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  • Septic System Maintenance and Pumping Program

    The Jefferson County Health Department's Dif-Sip Program

    The Jefferson County Health Department with input from the Water advisory committee has adopted a program, set to go into effect July 1, 2015, that will require on-site sewage disposal systems (septic tank systems) to be inspected/pumped every 5 years as part of a program of ongoing maintenance and care. Neglect and abuse of septic systems is one of the primary causes of failure. Below is a brochure (in 6 parts) giving a brief explanation of how a septic tank soil absorption system works and a description of the Dif-Sip program.

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    Comments 10 Comments
    1. toberah's Avatar
      toberah -
      Okay the name of the program is truly disgusting. "Sip your tank"? EEEEEEEEEEEEEEEEEEEEEEEEEEEEW.
    1. Willis's Avatar
      Willis -
      I think it got your attention
    1. LFE's Avatar
      LFE -
      Elks Run Watershed Water Quality Improvement Project

      At the August 21, 2010 Jefferson County Organization of Homeowners
      Association (JCOHOA) meeting, Jennifer Garlesky, a Conservation
      Specialist with the Eastern Panhandle Conservation District gave a
      short presentation on the Elks Run Watershed Water Quality Improvement
      Project. If you live within the Elks Run Watershed you are eligible
      for a 50% cost-share on septic pumping up to $150, which includes a
      free septic inspection. An application to take advantage of this
      program is attached. The application has also been posted on the
      JCOHOA website,, see "Septic tank program".
      Please share this with your communities.

      The Conservation District is looking into making this program
      available to individuals living in other watersheds in Jefferson
      County due to the forthcoming Chesapeake Bay Initiative. This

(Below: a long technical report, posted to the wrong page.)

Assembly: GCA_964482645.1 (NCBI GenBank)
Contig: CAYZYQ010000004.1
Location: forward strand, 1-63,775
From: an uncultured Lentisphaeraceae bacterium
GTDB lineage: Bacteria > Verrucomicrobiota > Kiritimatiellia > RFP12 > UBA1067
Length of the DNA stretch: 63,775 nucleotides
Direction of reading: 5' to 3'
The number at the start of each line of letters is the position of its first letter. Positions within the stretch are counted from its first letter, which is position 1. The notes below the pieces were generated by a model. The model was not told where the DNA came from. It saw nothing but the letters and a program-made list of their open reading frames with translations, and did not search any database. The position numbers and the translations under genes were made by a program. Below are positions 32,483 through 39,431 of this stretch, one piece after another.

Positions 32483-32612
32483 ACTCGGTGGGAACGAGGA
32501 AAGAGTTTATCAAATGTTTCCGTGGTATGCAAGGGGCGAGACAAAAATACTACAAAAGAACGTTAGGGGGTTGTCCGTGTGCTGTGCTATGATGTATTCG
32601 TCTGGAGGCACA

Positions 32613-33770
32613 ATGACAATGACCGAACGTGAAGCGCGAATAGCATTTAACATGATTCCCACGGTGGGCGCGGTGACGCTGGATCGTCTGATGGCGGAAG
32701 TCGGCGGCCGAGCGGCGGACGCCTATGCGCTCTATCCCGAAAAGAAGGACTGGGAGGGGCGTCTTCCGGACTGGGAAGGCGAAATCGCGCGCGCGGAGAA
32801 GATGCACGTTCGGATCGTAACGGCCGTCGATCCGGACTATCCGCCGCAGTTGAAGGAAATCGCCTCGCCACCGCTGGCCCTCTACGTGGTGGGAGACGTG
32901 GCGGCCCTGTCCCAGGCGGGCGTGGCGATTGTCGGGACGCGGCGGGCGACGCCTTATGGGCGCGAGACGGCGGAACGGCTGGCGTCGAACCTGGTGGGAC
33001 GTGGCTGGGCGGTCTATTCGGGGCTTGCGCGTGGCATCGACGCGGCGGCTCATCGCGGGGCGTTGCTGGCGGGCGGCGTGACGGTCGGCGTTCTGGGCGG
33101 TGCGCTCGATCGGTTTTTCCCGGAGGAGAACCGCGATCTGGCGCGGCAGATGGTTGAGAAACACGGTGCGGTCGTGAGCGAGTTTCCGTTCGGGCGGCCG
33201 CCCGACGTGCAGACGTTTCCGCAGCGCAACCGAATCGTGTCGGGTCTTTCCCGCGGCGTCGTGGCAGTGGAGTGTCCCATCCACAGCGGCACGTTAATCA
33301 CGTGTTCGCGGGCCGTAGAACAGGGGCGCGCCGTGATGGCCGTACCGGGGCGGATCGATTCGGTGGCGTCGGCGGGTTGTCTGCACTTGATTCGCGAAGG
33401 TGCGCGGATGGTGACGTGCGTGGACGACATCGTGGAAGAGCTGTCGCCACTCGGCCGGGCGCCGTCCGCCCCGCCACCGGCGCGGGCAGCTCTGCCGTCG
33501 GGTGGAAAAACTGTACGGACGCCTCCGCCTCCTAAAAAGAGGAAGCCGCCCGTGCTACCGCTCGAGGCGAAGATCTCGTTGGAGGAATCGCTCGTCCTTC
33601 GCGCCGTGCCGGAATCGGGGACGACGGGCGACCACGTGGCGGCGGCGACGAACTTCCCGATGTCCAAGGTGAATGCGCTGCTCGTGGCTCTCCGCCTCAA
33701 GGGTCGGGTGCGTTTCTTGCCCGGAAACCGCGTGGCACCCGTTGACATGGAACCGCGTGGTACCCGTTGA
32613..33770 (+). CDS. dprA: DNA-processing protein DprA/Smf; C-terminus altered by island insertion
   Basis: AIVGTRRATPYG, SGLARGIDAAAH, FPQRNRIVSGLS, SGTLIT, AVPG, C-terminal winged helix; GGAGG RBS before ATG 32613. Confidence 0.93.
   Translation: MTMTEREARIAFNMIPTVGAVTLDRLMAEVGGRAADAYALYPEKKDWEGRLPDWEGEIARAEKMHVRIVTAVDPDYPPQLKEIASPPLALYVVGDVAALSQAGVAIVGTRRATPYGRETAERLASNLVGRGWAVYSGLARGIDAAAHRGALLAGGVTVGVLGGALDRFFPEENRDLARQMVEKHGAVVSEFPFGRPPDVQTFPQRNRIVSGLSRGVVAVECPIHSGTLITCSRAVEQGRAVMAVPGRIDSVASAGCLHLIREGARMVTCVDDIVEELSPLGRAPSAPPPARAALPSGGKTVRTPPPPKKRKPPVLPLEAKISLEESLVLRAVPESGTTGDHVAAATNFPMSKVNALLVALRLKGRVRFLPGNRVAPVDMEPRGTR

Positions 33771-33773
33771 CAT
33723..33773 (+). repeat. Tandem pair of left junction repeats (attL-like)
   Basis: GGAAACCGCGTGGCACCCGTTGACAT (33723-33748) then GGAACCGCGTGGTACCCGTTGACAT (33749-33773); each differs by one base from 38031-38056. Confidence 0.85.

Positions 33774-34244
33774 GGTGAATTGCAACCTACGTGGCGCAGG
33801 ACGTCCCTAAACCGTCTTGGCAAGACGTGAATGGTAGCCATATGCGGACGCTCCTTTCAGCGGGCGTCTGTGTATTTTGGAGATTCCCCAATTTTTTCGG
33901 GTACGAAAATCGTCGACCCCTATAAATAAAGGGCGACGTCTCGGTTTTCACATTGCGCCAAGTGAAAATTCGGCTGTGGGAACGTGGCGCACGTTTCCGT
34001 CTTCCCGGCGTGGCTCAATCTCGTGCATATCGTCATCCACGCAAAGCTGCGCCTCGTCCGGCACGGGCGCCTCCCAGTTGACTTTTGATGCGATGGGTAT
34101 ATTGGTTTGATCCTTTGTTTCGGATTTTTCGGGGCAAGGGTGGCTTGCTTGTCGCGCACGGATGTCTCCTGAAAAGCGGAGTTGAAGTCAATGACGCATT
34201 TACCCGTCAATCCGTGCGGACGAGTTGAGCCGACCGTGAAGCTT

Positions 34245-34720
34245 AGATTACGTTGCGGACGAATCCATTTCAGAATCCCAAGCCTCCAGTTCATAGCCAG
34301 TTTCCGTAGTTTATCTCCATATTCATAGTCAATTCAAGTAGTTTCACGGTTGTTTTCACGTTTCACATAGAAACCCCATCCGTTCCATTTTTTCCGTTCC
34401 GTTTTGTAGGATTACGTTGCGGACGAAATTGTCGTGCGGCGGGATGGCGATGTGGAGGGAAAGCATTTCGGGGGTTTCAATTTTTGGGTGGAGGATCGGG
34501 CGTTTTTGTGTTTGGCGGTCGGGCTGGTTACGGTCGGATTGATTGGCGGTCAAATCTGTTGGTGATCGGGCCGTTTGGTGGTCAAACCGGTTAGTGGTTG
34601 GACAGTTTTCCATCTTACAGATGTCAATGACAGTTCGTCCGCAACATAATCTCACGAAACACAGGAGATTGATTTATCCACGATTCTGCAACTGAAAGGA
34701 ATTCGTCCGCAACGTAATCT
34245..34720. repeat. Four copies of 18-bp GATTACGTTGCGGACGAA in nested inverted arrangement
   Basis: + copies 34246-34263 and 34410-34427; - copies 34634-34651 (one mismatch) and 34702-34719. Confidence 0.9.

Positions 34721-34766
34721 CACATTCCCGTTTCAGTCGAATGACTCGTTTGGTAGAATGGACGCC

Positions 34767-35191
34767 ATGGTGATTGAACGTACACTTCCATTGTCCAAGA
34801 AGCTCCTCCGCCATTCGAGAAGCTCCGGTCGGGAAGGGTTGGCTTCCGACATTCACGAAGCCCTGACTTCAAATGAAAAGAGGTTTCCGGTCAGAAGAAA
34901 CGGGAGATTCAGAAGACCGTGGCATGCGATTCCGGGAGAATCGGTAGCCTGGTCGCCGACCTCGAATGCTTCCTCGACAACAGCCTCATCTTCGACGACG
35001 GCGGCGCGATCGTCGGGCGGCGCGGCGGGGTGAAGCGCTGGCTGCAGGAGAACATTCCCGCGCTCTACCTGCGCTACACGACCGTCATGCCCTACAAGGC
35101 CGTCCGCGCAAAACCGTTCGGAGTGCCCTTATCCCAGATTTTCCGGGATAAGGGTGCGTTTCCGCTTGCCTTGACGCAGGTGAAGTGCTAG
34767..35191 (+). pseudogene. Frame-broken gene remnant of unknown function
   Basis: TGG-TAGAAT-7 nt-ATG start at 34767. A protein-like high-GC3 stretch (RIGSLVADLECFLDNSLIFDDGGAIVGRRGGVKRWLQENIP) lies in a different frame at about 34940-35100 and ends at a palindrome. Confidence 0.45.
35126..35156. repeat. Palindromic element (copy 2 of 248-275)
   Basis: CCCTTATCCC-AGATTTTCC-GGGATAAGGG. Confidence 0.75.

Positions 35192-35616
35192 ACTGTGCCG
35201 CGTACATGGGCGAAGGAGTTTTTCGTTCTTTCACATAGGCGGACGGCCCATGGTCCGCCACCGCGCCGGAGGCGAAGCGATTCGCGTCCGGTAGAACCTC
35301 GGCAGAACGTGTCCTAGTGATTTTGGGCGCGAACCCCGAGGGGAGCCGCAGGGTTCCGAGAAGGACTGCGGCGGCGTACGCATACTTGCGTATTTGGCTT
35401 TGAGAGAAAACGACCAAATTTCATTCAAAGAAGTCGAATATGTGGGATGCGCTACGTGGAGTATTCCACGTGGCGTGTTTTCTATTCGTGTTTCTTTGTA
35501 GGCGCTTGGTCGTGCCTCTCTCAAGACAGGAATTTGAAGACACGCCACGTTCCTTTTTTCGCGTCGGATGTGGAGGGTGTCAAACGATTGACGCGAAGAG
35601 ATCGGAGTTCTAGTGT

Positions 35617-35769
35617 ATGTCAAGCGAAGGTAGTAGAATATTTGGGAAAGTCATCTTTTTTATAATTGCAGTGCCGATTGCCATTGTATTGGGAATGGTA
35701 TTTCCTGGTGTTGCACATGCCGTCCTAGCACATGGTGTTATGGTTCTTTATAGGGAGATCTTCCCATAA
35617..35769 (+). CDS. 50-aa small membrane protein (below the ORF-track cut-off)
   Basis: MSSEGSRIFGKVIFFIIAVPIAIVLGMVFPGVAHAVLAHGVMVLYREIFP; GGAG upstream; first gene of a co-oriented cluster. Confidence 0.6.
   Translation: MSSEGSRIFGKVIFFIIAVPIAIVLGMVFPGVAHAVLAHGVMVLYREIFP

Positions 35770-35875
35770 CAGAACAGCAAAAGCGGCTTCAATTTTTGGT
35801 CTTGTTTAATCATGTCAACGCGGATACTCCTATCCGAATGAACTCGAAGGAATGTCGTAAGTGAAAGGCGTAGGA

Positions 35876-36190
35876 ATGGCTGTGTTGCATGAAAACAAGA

Initiative will require a reduction in nutrients, sediments and other
      pollutants that enter the Bay from our local tributaries. If you have
      any questions, please contact the Eastern Panhandle Conservation
      District (vCard also attached, double click to add to your address

      Jennifer Garlesky
      Conservation Specialist
      Eastern Panhandle Conservation District
      West Virginia Conservation Agency
      (304) 263-4376
      fax (304) 263-4986
      [email protected]
      153 Aikens Center, Suite 1
      Martinsburg WV 25401
    1. tkaufman's Avatar
      tkaufman -
      I was expecting to find my septic tank location on the plat of my house. To my dismay there is nothing. Where are the records of my sewage distribution system? My only other choice will be to get out my shovel and guess.
    1. Willis's Avatar
      Willis -
      Quote Originally Posted by wkaufman View Post
      I was expectiong to find my septic tank location on the plat for my house. To my dimay, there is nothing. Where are the records of my sewage distribution system? My only other choice would be to get out a shovel and guess........

      The Health Department's Sanitarian, Bill Zaleski, will be able to help (304-728-8415). Have your lot # and section handy. As as part of the "dif-sip" program, septic tanks will be be pinpointed by GIS/GPS coordinates, eventually. The Department should have a record if the system was installed after 1970 and was permitted.